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Evaluating Sexual Orientation and Gender Identity Differences in Human Papillomavirus and Related Cancer Preventive Interventions

Corey, Stephanie (2019) Evaluating Sexual Orientation and Gender Identity Differences in Human Papillomavirus and Related Cancer Preventive Interventions. Master Essay, University of Pittsburgh.

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Background: Sexual and gender minorities (SGM) are at unique risk for contracting Human Papillomavirus (HPV) and developing related cancers (cervical, anal, head/neck, vulvar, penile) compared to their heterosexual cisgender peers. This risk is attributed to riskier sexual practices, lack of SGM-specific cancer education, and delay in routine cancer screenings. Incidence of HPV and late-stage cancer diagnoses can be reduced with HPV vaccines and routine screening. Minimal research has assessed if there are disparities in preventive interventions between SGM and non-SGM individuals. Therefore, this study examined gender and sexuality differences in HPV preventive interventions to inform the understudied field of SGM cancer prevention.
Methods: From 2015-2016, the Allegheny County Health Department (Pittsburgh, PA) commissioned a health survey of 9,026 adults aged 18-99 years using probability-based sampling. We examined differences by gender identity (cisgender women versus cisgender men and transgender) and sexual identity (heterosexual versus gay/lesbian, bisexual, and other) for lifetime receipt of HPV vaccine and number of HPV vaccines. Among cisgender women, we also examined sexuality differences in HPV and Pap tests. Weighted logistic and multinomial logistic regression analyses were adjusted for age, race/ethnicity, education, marital status, and income.
Results: Compared with cisgender women, transgender individuals had higher odds (AOR: 13.97; 95% CI: 1.13, 172.53) of never receiving an HPV vaccine. Compared with heterosexual cisgender women: lesbians had higher odds (AOR 3.99; 95% CI: 1.02, 15.63) of never receiving the HPV vaccine; bisexual women had higher odds (AOR: 2.90; 95% CI: 1.09, 7.71) of not receiving an HPV test within the recommended screening guidelines; and cisgender women who reported their sexuality as ‘other’ had higher odds (AOR: 7.33; 95% CI: 1.24, 43.30) of never receiving an HPV test and (AOR: 10.74; 95% CI: 2.39, 48.21) never receiving a Pap Test.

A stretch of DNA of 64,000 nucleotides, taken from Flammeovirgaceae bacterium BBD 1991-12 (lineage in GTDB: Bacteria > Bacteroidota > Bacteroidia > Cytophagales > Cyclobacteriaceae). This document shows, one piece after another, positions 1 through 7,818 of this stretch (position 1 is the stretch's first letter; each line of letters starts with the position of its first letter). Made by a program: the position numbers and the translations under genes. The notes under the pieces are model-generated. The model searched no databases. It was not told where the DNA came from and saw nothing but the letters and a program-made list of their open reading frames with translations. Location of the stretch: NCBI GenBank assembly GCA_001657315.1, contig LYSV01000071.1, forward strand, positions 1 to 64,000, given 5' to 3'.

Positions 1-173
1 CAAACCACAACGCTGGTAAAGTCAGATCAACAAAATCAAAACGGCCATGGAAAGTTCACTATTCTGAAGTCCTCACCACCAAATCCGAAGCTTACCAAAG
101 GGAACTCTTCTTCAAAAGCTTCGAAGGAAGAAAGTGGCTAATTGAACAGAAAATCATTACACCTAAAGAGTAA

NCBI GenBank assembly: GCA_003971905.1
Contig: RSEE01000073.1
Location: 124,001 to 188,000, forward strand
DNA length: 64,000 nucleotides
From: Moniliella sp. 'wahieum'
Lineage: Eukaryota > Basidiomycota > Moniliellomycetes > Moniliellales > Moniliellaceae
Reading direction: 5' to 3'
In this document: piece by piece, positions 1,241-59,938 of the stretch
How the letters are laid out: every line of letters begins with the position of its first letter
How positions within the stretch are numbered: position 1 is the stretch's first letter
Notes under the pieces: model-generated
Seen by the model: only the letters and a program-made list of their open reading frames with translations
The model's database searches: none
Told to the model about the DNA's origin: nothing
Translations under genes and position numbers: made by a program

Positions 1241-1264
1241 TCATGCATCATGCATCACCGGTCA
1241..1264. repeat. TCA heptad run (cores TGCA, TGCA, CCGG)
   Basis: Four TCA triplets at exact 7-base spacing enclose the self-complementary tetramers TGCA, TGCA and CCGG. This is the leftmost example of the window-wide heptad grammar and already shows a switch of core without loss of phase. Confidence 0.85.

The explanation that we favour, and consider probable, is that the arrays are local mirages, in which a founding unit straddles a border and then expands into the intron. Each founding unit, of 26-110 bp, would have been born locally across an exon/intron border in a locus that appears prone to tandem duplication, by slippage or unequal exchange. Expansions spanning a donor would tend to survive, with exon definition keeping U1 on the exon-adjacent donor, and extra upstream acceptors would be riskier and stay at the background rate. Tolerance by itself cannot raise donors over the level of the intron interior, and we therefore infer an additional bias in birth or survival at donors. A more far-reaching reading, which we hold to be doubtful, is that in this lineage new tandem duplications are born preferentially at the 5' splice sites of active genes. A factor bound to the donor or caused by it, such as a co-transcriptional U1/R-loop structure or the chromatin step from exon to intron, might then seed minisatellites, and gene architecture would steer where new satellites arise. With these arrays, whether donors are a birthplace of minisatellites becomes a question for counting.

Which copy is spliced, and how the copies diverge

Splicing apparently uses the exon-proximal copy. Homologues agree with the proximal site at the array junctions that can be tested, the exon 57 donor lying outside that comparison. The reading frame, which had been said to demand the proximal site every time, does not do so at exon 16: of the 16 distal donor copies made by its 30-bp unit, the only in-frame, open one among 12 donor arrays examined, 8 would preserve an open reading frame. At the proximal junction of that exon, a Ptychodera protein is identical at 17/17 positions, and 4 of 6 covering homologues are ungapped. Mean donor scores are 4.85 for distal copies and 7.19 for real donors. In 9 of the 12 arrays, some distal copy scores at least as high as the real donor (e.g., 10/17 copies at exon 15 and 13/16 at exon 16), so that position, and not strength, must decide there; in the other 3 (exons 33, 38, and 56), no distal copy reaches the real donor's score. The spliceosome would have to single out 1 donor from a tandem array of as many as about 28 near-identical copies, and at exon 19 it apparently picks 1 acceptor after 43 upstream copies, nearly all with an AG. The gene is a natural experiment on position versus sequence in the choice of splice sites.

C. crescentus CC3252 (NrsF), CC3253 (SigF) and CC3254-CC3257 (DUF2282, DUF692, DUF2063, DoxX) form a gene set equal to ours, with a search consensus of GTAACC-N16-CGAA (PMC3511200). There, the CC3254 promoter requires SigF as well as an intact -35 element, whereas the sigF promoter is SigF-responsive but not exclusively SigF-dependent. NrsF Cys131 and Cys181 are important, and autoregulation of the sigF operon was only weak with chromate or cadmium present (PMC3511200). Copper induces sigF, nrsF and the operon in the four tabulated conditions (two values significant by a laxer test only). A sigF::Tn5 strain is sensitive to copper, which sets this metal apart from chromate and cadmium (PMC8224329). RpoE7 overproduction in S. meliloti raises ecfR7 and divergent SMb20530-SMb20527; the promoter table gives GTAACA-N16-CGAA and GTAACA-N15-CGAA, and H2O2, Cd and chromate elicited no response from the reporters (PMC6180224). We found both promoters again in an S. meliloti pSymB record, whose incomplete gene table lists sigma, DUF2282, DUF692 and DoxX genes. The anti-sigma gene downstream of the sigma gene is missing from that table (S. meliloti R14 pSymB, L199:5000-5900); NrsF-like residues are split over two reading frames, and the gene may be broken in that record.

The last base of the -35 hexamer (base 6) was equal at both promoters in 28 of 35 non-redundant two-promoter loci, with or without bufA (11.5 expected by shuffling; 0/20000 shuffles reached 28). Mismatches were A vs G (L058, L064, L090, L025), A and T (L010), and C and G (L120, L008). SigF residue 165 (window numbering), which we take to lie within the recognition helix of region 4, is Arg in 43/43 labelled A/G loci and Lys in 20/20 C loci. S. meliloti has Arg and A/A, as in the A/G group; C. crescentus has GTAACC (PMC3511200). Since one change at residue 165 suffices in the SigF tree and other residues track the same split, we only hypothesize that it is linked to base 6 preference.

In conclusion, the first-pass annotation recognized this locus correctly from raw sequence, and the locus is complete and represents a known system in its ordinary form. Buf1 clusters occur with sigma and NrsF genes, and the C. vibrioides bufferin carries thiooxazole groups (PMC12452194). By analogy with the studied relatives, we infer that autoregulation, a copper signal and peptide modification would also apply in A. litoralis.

Conclusion: Transgender people as well as sexual minority cisgender women are less likely to engage in some cancer preventive interventions. These findings highlight existing health disparities between SGM and their heterosexual cisgender counterparts in Allegheny County and solidify the public health significance of creating SGM-specific interventions. Future interventions should assess SGM’s current barriers to HPV and related cancer care, evaluate health care provider’s knowledge and practices involving SGM patients, and increase education efforts to specifically target SGM.


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Item Type: Other Thesis, Dissertation, or Long Paper (Master Essay)
Status: Unpublished
CreatorsEmailPitt UsernameORCID
ContributionContributors NameEmailPitt UsernameORCID
Committee ChairHaggerty, Catherine haggertyc@edc.pitt.eduUNSPECIFIEDUNSPECIFIED
Committee MemberCoulter, Robert
Committee MemberBear, Toddtobst2@pitt.eduUNSPECIFIEDUNSPECIFIED
Committee MemberJones, Lyndalynda.jones@alleghenycounty.usUNSPECIFIEDUNSPECIFIED
Date: 24 April 2019
Date Type: Completion
Number of Pages: 36
Institution: University of Pittsburgh
Schools and Programs: School of Public Health > Epidemiology
Degree: MPH - Master of Public Health
Thesis Type: Master Essay
Refereed: Yes
Date Deposited: 04 Oct 2019 21:00
Last Modified: 01 May 2022 05:15


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